Keep a record of your transactions.  If you are a frequent online shopper, it may be difficult to remember from which site you bought a certain product.  So, write it down: what you bought, when and from what website.  Compare your spending details with the banking records from your online banking account, keep track of which websites you use for shopping and buying stuff online.

Hold on to your receipts and destroy them when you no longer need them.  Keep the receipt for your purchase, just in case you need to confirm it again, as well as for warranty and return issues.  If you want to get rid of receipt, make sure to destroy it completely, so that any possible identity thief won’t be able to find any information about you.

Don’t give out more private information than you need to.  ”In order to shop online you need to provide two types of information: payment information, such as credit card data, and shipping location, which is usually your home or work address. Be suspicious of online shops that ask for information such as: date of birth, social security number or any other similar information. They don’t need it in order to sell you things.”4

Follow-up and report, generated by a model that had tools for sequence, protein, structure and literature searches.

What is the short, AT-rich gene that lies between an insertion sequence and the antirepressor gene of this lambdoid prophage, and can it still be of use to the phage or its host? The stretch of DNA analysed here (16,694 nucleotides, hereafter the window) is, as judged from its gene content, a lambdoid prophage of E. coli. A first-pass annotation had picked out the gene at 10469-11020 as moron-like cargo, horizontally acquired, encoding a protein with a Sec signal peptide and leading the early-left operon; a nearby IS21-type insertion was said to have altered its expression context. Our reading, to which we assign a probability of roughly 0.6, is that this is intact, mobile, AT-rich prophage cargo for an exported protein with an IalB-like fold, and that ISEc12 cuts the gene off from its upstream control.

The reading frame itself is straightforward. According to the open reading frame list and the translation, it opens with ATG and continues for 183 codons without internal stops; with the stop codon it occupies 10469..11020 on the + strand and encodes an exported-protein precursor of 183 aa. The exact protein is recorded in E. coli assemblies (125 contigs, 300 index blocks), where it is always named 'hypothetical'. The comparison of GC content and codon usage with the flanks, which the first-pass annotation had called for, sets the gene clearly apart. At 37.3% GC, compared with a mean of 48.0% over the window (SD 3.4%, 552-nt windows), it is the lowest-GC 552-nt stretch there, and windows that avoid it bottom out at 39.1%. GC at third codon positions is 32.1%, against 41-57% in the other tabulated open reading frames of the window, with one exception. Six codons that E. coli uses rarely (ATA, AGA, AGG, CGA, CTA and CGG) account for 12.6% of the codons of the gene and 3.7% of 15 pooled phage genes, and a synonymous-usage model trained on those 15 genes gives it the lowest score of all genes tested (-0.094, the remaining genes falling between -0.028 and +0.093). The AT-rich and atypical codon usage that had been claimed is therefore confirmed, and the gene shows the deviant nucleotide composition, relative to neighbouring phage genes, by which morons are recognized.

Don’t keep too much information on your smartphone.  These days, everybody stores a lot of important personal information on their phone, and most of us rarely take the time to secure them.  These devices are now much less about calling people, and more about photos, social media, etc.  Increasingly, people shop online using their smartphone, but this carries its own risks. Fake online shops can infect your smartphone with malware, and then have access to information such as phone numbers, notes, photos, and even app contents.  Be careful what information you store on your smartphone.

If you take a few safety precautions, you can enjoy the convenience of technology with peace of mind while you shop online.

1 – ESET Security Forum
3 – TrendMicro
4 – Powered by National Cyber Security Alliance – American Bar Association


Bryley Success Story

Bryley technicians recently assisted one of our clients from what could have been a serious situation. The client’s server went down, and Bryley techs responded quickly to the matter. Actions were performed onsite, but further testing needed to be performed back at the Bryley Office.